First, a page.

EVA: I don’t feel safe or wanted where I live. I feel there’s a whole community that wants me gone. While there’s another subset of that same community that supports me, I can’t help but feel how much my presence in a room or a meeting changes the tone. I feel like I am walking around on fire, and everyone knows it, and I know it, but no one knows how to put the fire out. I certainly don’t. I feel that my leadership and joy in teaching has been stripped away by people who have no sense of what I do in the classroom.
CMO: Do you have a support system? What are ways in which academics in communities like your school can create support systems and venues for mental health and self care?
EVA: I do have a support system. Thankfully, I have a group of colleagues who have helped me as I go through all this pain. I would strongly recommend professional mentorship programs that go beyond pedagogical work. Women of color in the same educational institution should form a network that meets monthly with a social and professional component to it. Additionally, people who consider themselves allies should not be afraid to ask and seek to listen to what people of color are experiencing. Allies may hesitate out of fear of saying the wrong. However, if allies do not frame their questions through their own assumptions and seek to listen and absorb, they will have a better chance at someone opening up to them. The most incredible allies have been the ones who simply sit and listen, not trying to give suggestions or advice or positive angles. These allies do their best to empathize while recognizing the limitations in their ability to do so. Allies cannot wait until students and colleagues of color reach out. They need to build their half of their bridge first, and we can then build the second half. It won’t always work because the level of trauma varies from person to person. Trust has been frayed, so unless someone comes up to me to ask, I don’t approach them. Feeling targeted has meant feeling like every person I don’t know all that well is a potential source of pain and trauma.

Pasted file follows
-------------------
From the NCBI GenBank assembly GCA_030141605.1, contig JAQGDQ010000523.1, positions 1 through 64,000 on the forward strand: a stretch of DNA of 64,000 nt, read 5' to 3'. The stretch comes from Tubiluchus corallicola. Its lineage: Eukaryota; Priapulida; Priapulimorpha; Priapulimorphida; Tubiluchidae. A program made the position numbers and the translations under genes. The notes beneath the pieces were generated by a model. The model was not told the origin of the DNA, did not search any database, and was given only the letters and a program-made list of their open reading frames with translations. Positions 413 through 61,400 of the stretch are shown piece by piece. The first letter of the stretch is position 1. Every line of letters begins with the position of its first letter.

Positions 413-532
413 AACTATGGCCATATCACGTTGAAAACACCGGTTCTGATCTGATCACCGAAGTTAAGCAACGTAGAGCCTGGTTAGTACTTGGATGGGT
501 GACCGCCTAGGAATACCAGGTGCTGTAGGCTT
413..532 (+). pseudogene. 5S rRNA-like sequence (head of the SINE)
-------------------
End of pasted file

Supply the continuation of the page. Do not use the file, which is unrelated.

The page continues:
CMO: What advice/wisdom would you offer to students and teachers as we move into the next four years?
EVA: Check your optimism. I mean that kind of optimism that leads to a denial of tensions and animosity. My situation was unnecessarily shocking to people who knew very well the community in which we worked. Sometimes optimism creates this false mirage of the school community. Many administrators and colleagues saw our school as a mirror of their ideals and dreams rather than a window of the true reality—our own microcosm of the larger national conflicts. This is dangerous. I entreat educational institutions to understand the tensions, history, and demographics of their constituency. Understand the powerful players and their desires. Think strategically in order to look out for our most vulnerable populations—students of color, LGBGQTIA, students with disabilities, immigrant families, etc. I have found that instead of strategies that have action plans and specific goals, I’m bombarded with a lot of platitudes and abstractions about our American ideals and values. Collect both quantitative and qualitative data to inform how your school community is functioning in this new world in which the person holding the highest office can say, legitimize, and act in a way we would never accept in our schools from adults or children. That’s a stark reality, and one which we must face with strength and determination.